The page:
Does it matter? What has it got to do with the average blogger?
There is no ‘average’ blogger though is there?
I’ve read a couple of blogs recently discussing the use of copyright on photographs.
It’s not a new issue, it used to come up years ago on dogblogs when people added a brief © and their name, or their website, or just a few initials (as I do).
We all think our own dog/s is/are the most beautiful one/s in the world and would not want some sneaky toerag to lift our photos to add to a calendar or an advert. Chances of it happening are extremely slim, but there is more to it than that.
Me being Ms Ethics and Ms Principles, the reason I copyright photos is to make an extremely simple statement.
Not ‘I think my photos are brilliant, so please don’t steal them’ – because if someone wanted to do that, they could get rid of the text anyway. But because some people make money out of photography. It is their living. I do not make money out of my photos, but for every free photo that is taken and distributed, some professional photographer, somewhere, is not making money. Simple.
And, the discussions I have read recently about adding a copyright statement were on photoblogs.
People complain that it is intrusive and takes away from the photo. If you have a painting by a famous artist do you complain that the signature takes away from that work of art? OK, so it may not be slapped right across the middle of the painting, but signing one’s work off is hardly new.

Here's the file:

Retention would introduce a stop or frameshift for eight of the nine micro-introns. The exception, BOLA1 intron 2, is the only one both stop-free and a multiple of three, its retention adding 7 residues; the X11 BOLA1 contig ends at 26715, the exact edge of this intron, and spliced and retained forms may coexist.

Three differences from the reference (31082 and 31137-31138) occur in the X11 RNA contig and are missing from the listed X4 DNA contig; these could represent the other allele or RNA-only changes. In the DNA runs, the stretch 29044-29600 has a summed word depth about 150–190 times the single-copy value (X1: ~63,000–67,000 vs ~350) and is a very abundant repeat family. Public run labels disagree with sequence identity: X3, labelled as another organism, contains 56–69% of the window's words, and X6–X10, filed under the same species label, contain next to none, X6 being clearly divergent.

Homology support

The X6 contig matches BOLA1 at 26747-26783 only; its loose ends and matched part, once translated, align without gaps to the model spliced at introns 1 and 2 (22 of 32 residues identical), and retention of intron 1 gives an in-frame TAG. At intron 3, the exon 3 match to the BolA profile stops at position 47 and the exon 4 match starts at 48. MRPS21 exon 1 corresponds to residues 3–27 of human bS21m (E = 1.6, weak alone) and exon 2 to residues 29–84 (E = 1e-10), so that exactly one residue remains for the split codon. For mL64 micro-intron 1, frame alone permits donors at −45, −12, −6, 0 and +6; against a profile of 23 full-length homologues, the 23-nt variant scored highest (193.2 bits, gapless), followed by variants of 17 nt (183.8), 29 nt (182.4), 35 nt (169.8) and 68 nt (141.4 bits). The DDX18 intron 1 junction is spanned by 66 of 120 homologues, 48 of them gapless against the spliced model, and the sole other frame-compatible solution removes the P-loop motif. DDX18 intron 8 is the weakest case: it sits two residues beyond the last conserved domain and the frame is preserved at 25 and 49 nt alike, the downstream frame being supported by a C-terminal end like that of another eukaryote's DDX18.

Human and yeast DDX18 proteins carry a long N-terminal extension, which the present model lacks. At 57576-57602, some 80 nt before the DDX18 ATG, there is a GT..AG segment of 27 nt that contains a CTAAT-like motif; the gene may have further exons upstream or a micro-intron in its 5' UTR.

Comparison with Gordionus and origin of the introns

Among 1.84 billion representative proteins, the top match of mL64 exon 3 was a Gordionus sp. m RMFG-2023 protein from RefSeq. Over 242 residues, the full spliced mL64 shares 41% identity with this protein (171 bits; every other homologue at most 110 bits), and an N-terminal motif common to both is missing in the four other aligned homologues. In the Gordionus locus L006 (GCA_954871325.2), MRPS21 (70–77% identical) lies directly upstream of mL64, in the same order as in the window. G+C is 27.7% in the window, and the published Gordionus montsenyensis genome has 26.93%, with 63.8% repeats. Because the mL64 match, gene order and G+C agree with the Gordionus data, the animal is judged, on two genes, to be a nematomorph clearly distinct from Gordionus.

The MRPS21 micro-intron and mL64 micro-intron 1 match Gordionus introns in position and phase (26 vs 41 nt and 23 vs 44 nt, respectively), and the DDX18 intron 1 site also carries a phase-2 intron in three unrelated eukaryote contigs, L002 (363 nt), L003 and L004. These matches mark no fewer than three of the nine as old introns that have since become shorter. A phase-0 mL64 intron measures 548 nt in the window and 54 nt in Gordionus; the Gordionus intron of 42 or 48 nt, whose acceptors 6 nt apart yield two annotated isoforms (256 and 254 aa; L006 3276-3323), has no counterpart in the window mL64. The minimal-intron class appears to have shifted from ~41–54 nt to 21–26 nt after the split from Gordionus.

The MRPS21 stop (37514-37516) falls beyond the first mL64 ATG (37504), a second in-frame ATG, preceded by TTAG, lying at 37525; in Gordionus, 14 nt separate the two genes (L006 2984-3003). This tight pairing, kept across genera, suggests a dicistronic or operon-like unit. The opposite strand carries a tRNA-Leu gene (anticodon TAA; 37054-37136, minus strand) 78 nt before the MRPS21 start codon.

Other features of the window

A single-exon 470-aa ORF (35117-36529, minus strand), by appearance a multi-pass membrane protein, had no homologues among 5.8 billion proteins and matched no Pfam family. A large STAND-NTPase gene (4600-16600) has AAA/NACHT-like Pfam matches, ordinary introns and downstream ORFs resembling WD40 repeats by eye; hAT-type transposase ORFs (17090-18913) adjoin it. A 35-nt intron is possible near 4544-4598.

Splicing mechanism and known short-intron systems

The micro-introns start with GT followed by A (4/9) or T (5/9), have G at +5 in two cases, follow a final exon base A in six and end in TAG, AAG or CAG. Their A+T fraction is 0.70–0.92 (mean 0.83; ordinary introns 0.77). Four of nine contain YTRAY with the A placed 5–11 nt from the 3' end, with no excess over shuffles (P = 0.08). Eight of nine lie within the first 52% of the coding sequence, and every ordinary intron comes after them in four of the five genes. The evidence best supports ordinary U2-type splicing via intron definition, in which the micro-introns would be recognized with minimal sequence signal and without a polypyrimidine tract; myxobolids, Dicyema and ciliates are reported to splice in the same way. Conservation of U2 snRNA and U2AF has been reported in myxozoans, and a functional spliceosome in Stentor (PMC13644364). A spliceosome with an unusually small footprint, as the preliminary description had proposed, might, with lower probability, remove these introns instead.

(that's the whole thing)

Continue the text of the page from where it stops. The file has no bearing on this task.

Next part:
Another apparently deemed it as advertising. I couldn’t get my head around that. How can you advertise on your own blog? That struck me as a particularly stupid point.
Copyright was one of those topics that we learned about at journalism college. Must have been the law component, but anyway, I paid attention to it because it was interesting. At the time, there was a neat divide. Staff photographers on newspapers did not own the copyright to their photos, the newspaper did. Anything taken privately was separate. And clearly self-employed photographers owned the copyright to their work.
While the law has changed since then, the basic principle is still the same, although self-employed photographers may now be asked to waive the rights to their photos by publishers hoping to cash in on later sales from a decent pic.
But if you are not a professional photographer, and someone uses your photo without your permission and without paying you, do you care? No, probably not. If you ever find out, you may even feel flattered. Hell, it cost you nothing to take, someone thinks it’s good enough to steal, so what’s your loss? How about if they are making money out of it? Still think the same way? Maybe, after all, not your job, so not important.
But for some of us, it is our job. Photography, writing, art. Those sort of useless jobs that everyone can do. Never mind that people have gone to college, trained for years, and passed exams in these areas.
In my case, (BI ie Before Internet) it was freelance journalists who got up my nose. Someone wanting to write the odd column every week, no training, no knowledge of law or newspapers, and a bit of pin money to eke out whatever else they received an income from.
There are plenty of good amateur writers and photographers out there. I’m not denying that for a minute. But there are also people trying to make a living out of their skill and expertise in those fields.
Adding copyright to your photos, or your blog pages isn’t pretentious. It’s reminding people that while everything on the internet may be freely accessible, it isn’t up for grabs. You don’t take anyone else’s work without a) asking and b) preferably paying for it.
Which raises the question of re-blogging, but brunch calls.
In the meantime, there is an excellent site called the UK Copyright Service which explains far more than I can, and I daren’t steal their work – obviously.
Luckily they provide a neat HTML link and point out that I don’t need permission to use it. I wasn’t aware permission was needed for links – but who knows??
Top 10 Copyright Myths page from UK Copyright Service.